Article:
Wallace C. Gregson
The summit’s cancelation offers Washington, its allies, and its friends an opportunity to consider some new policies and strategies.
Maybe the summit is not too big to fail.
The May 24 announcement and presidential letter stamps “Cancelled” across the theater posters on the Singapore summit mooted for June 12. Maybe it is, but we’ve seen a lot of pre-summit maneuvers to establish negotiating leverage. Maybe this is just the latest in a series of negotiating ploys and hype tactics to capture media hits.
If it is cancelled, what’s the effect? Well, not much changes. But it does offer a good time for the United States, our allies, and our friends to consider some new policies and strategies.
What hasn’t changed:
Kim Jong-un understands the power, the leverage, of nuclear weapons and other weapons of mass destruction, including cyber. Regarding nuclear weapons, their high value resides in their potential. “Use” is worse than useless—it would be disastrous.
With his nuclear weapons capability, he gained three summit meetings: two with China, one with South Korea and perhaps one with the United States. Kim wants nuclear weapons. He wants North Korea to be treated as a nuclear weapons state. And he wants to play the large powers off against each other. He particularly wants to weaken American ties to Japan and Korea, decrease U.S. presence and he wants to unify the Korean Peninsula on his terms.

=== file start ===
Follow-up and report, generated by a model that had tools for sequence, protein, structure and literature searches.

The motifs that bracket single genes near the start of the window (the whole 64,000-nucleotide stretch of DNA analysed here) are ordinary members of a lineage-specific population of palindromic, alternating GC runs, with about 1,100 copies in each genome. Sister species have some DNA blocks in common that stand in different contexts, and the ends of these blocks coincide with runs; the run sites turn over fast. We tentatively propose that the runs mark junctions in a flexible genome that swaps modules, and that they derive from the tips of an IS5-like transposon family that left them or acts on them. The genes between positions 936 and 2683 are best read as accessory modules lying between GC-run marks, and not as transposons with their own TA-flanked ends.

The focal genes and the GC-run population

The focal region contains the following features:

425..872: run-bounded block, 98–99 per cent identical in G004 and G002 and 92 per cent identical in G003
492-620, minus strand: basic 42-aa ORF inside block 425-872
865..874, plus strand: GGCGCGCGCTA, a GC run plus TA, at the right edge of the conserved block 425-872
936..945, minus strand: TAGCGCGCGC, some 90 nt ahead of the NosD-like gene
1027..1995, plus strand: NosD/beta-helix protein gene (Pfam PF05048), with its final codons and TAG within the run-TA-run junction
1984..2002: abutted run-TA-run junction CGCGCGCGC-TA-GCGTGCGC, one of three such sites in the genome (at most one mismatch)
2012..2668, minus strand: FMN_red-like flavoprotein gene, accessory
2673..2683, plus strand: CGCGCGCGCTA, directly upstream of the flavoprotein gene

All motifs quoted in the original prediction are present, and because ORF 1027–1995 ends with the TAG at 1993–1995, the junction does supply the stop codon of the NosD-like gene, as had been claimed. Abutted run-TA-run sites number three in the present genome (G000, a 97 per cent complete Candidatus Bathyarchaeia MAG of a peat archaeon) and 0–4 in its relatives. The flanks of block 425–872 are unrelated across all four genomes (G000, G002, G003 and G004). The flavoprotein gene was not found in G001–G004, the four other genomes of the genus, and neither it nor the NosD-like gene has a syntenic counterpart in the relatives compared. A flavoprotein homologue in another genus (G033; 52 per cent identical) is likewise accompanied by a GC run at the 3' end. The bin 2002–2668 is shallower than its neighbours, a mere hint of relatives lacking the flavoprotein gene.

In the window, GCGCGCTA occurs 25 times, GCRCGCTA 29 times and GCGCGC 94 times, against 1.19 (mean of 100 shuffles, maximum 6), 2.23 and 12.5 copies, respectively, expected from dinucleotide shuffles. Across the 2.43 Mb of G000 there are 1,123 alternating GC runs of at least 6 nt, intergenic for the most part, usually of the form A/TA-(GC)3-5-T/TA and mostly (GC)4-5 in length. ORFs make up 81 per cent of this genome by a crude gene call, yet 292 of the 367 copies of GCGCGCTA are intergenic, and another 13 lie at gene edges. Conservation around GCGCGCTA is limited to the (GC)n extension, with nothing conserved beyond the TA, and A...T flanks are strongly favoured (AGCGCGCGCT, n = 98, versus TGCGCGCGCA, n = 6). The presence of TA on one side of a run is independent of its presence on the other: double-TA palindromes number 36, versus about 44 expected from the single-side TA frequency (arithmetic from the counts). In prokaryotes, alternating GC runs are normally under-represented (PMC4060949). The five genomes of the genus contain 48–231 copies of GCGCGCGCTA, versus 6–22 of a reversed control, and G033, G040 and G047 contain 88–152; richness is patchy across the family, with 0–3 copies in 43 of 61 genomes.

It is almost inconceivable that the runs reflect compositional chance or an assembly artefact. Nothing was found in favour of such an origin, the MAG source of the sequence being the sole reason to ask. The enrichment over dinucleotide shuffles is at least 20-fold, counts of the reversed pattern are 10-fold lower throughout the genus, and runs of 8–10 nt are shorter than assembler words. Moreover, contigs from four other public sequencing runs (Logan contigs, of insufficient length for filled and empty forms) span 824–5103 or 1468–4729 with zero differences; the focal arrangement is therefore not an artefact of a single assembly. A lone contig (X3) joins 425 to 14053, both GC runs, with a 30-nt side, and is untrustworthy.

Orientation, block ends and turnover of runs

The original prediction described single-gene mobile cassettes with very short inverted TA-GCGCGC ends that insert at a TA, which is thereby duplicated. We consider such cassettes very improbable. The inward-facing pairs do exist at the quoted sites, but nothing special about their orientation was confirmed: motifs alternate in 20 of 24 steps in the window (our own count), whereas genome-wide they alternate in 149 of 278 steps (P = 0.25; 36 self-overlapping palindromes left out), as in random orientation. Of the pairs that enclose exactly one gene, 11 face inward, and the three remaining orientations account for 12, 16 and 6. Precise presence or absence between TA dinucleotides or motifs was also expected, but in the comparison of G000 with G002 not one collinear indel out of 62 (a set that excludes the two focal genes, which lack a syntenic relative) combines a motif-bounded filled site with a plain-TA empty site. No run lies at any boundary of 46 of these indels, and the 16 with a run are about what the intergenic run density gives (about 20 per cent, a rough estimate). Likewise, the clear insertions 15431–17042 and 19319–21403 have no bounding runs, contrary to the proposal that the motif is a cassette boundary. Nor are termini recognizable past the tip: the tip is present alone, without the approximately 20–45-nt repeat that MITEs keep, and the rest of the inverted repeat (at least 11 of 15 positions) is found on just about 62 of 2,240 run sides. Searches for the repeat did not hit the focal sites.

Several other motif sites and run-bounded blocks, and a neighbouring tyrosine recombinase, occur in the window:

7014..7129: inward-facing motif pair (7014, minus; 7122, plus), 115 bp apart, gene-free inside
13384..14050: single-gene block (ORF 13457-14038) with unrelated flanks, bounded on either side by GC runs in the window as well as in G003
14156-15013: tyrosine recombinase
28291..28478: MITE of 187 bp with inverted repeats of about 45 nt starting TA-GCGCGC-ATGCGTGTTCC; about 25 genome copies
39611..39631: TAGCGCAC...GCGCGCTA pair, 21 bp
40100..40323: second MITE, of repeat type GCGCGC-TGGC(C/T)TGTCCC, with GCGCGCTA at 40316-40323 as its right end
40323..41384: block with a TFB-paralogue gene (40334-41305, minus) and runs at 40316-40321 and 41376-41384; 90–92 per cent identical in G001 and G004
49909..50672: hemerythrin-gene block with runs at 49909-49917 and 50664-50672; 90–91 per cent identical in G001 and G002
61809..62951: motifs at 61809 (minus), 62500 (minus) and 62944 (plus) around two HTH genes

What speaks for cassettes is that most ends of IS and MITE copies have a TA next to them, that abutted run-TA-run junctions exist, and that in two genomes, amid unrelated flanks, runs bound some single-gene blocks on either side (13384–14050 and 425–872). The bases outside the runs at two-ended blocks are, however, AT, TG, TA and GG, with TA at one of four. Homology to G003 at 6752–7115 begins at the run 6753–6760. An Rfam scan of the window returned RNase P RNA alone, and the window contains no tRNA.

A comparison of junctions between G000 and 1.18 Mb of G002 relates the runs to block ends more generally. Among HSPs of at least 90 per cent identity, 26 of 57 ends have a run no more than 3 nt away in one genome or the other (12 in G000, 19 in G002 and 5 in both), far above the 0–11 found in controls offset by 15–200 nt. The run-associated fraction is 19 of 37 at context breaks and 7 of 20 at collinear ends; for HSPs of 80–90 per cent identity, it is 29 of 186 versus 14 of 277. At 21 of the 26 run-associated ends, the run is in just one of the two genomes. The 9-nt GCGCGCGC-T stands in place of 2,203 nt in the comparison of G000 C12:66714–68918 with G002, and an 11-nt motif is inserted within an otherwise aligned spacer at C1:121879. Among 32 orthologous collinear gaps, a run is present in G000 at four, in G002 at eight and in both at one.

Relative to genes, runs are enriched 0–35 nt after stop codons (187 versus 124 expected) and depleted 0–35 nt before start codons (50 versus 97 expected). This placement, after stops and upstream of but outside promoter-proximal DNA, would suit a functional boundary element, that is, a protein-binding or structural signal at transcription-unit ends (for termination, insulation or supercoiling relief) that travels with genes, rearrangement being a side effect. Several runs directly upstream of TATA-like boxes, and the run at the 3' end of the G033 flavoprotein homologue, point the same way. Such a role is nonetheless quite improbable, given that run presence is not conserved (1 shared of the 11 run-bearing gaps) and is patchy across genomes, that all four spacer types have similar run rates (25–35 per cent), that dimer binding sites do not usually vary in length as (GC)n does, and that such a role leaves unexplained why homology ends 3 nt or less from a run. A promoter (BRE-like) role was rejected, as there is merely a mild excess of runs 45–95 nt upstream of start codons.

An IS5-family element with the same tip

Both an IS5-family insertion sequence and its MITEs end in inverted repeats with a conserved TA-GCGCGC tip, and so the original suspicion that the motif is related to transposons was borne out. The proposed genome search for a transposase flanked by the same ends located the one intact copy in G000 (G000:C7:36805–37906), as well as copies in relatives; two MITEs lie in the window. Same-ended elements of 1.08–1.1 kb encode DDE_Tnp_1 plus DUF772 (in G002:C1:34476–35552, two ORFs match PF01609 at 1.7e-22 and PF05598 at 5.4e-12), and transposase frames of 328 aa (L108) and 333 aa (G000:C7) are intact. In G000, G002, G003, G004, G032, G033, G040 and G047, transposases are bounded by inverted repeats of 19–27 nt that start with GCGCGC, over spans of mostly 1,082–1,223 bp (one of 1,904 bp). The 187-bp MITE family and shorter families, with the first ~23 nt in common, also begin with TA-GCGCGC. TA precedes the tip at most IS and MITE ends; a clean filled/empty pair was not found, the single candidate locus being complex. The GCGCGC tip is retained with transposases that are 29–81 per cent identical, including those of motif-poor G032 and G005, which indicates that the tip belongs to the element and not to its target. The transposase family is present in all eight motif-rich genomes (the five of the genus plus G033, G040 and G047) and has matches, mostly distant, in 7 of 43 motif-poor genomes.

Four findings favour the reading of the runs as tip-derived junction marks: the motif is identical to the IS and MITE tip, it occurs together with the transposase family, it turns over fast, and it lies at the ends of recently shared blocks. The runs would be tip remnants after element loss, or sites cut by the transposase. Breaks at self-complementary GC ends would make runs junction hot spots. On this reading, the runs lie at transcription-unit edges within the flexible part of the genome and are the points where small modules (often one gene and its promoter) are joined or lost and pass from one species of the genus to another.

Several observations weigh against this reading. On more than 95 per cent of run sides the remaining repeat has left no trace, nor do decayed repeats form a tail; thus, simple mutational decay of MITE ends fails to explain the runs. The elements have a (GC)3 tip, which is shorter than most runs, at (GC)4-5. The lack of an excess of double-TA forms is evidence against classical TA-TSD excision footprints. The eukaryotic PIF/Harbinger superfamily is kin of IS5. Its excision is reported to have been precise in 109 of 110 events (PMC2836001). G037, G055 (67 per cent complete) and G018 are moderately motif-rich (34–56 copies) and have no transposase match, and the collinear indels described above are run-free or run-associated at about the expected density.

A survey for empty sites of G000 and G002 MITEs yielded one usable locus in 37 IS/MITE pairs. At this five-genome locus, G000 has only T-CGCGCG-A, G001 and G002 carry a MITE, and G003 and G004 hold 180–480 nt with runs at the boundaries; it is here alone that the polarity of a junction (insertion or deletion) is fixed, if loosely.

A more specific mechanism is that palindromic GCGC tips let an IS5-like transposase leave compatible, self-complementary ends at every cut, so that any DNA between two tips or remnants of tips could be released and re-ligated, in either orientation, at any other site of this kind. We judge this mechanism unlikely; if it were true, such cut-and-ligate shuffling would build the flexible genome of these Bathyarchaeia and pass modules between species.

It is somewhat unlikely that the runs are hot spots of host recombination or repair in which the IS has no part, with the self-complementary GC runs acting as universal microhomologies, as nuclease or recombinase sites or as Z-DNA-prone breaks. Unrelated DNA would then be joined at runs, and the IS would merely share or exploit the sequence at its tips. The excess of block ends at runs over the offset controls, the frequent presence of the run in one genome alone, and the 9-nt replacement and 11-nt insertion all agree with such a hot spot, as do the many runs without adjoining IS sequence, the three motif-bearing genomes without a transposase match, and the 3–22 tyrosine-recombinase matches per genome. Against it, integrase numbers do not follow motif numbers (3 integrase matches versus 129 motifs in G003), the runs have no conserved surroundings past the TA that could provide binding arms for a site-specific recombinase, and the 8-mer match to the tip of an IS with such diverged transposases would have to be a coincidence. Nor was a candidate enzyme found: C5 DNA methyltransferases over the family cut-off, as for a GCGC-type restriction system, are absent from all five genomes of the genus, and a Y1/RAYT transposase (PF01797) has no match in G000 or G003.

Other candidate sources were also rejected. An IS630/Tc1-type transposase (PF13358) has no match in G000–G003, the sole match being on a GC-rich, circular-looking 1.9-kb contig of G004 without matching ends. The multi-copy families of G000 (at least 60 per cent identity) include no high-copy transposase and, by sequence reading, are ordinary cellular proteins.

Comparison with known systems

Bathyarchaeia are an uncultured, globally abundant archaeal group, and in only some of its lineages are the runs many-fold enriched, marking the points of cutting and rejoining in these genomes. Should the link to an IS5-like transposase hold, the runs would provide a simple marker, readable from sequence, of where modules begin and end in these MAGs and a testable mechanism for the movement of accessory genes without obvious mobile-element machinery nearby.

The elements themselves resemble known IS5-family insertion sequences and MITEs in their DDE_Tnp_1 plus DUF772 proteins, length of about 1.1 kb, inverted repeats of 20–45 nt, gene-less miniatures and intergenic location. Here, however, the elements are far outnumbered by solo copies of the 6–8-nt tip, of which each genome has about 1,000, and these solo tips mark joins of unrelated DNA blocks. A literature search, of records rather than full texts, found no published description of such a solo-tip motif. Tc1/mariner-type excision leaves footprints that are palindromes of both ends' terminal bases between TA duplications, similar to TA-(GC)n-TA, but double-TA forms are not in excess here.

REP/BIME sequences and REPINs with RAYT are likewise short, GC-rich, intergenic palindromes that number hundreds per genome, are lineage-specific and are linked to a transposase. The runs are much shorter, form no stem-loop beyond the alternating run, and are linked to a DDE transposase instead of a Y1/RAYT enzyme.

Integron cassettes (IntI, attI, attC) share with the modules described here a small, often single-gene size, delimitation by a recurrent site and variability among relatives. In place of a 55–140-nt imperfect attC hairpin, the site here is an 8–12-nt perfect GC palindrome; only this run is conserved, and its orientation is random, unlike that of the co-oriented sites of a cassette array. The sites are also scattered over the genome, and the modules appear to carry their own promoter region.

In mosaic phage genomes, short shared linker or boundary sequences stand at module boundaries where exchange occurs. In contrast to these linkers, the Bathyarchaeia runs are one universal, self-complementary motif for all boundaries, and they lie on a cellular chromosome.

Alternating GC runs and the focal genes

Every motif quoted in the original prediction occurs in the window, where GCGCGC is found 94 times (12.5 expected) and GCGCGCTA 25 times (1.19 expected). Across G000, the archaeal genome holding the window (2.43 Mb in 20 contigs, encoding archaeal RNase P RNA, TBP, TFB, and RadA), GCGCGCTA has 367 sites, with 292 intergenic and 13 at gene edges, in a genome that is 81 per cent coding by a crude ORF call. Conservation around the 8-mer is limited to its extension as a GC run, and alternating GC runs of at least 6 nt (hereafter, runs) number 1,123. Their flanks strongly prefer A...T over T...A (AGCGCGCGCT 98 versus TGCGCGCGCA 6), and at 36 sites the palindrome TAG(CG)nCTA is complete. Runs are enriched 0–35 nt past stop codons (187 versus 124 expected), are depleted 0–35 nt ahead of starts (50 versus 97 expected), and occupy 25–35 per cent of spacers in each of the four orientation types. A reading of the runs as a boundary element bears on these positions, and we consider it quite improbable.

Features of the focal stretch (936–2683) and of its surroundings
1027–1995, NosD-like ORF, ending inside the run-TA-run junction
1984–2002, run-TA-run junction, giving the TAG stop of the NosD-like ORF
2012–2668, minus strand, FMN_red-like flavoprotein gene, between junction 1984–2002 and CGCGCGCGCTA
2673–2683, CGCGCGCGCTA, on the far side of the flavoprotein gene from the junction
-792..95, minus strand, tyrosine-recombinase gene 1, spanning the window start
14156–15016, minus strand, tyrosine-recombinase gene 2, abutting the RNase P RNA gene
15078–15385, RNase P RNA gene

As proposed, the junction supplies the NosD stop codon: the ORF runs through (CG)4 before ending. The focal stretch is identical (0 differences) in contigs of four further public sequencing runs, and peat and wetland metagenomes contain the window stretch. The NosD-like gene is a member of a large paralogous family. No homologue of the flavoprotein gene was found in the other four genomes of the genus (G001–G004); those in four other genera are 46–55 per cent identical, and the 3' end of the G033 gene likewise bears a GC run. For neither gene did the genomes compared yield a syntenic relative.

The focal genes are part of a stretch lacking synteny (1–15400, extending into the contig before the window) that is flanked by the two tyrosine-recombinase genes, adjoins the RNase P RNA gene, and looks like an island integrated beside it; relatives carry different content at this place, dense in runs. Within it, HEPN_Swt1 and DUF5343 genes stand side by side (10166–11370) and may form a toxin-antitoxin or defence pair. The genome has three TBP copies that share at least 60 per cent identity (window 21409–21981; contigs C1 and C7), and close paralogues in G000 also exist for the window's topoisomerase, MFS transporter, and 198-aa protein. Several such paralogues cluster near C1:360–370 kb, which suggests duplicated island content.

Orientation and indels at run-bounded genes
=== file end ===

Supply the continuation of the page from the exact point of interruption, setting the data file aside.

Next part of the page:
In the near term, he intends to enter prolonged discussions over nuclear weapons with the advantage, and to structure talks in the manner established in the Nuclear Non-Proliferation Treaty discussions. One goal he has in mind is to change the subject from denuclearization to U.S. military exercises, the U.S. threat and the U.S.-ROK alliance. North Korea’s stated position has been “de-nuclearization of the Korean Peninsula,” defined as applying to all nuclear-capable forces on the Peninsula. (It’s not hard to determine who that is.) This requires concessions on U.S. forces in Korea and Japan
The basic nature of the North Korean regime remains unchanged, and it is impossible to change that nature without regime change. It is a particularly enduring totalitarian state, existing solely to serve the Kim family regime—that is to say, the Kim family and approximately one million or so core supporters who must be kept satisfied. The nation of North Korea—the population—is in reality hostage to the regime.
North Korea survives through sovereign criminality, or criminal sovereignty as you prefer.